6 Ways to Organize Your Cookware That Don’t Involve Stacking
No more hazardous lower cabinets.
Updated Oct 11, 2018 11:04 PM
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Stacking pots and pans in low kitchen cabinets is by far the most popular storage method. It also happens to be the least convenient. You can be as strategic about it as you like, but somehow the tool you end up needing always seems to be at the bottom of the pile—the corresponding lid nowhere to be found. And if you’re the type of person who collects cast iron, wrangling the heavy pieces is a back-breaking workout, not to mention loud.
While shoving bulky braisers and skillets in a cupboard is certainly a quick solution, there are plenty of other practical, affordable, and nonawkward ways to organize these essentials. Turns out, the ceiling and the extractor fan are better spots to stow your stuff than a wimpy shelf. Get to the fun part (cooking!) faster by taking advantage of these spots.
Utilize the Extractor Fan
Ellen Marie Bennett displays her staples directly over her bright yellow Bertazzoni stovetop using $3 S-hooks from IKEA. The stainless steel clasps slip right into the cracks of the extractor fan. The system makes it easy to see and grab things on the fly.
Lower the Bar
One alternative to hanging your pieces directly from the vent is to mount a bar to the backsplash. A sturdy brass or bronze rod can hold everything from heavy stoneware to dried spices to spatulas.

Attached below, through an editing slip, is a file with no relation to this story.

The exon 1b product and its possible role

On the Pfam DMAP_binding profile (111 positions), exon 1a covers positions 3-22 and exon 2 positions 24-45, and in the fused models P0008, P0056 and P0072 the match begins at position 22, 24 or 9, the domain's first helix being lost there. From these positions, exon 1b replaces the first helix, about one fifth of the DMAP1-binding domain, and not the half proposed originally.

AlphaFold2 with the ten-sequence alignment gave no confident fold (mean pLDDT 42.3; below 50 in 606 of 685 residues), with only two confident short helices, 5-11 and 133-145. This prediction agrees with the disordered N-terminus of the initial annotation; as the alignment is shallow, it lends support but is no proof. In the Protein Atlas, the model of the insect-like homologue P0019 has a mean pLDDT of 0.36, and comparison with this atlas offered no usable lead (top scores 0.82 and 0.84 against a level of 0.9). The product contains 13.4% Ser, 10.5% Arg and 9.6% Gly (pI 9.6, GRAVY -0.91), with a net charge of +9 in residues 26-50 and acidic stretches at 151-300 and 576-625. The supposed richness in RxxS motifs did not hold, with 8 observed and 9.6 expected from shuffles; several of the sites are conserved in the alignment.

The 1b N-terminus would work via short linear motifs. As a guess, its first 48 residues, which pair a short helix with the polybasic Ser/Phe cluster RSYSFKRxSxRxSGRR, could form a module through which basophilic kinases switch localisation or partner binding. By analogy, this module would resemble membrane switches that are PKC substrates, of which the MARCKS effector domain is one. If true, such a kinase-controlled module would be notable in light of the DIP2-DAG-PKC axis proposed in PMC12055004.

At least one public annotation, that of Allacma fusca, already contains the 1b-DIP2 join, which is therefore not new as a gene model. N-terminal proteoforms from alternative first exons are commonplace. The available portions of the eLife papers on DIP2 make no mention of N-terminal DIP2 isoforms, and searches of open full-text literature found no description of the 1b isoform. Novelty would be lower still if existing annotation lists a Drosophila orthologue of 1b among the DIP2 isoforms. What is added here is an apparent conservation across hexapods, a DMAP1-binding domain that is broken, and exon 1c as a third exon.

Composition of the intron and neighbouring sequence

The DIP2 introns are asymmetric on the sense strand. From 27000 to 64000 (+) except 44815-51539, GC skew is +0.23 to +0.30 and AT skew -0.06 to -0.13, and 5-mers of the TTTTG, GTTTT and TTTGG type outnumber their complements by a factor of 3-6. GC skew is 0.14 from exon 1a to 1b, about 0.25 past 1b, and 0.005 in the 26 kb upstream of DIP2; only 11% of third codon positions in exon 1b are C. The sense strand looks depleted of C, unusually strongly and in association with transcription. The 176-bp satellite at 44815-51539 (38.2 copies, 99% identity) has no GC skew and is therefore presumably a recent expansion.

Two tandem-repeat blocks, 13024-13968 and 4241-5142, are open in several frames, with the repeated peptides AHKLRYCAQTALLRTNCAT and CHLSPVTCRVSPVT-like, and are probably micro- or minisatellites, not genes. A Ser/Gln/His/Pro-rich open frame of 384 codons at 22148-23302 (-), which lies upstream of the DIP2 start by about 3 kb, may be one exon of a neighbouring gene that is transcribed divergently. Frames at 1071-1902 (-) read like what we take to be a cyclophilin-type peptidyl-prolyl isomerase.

Do Like Julia Child
The famed cook’s favorite method? The humble pegboard. The feature doesn’t have to eat up a whole wall in your space. Section off an area near the stovetop, paint the plain wood a crisp shade of white, and then slide the pieces into place.
Break Up the Party
To keep the pots with their lids or not? This is probably the biggest dilemma. One solid answer is to keep them nearby. That way, if you do need a top, you can find the exact size fairly easily. The key is using something like Caraway’s genius linen lid holder to keep them all separated. It can be mounted to the side of the refrigerator or the interior of a cabinet door.
Hang Them From the Ceiling
No need to splurge on a fancy copper rack that looms over the island. Mount something small over the sink, as Mary Salas did. Her essentials are hooked up onto two plain pieces of wood.
Turn Cabinets Into Drawers
Improve upon your cabinet storage scenario by adding these clever chrome-plateddrawers that pull out smoothly from the base of a cupboard even when fully loaded. No more digging around in dark corners.
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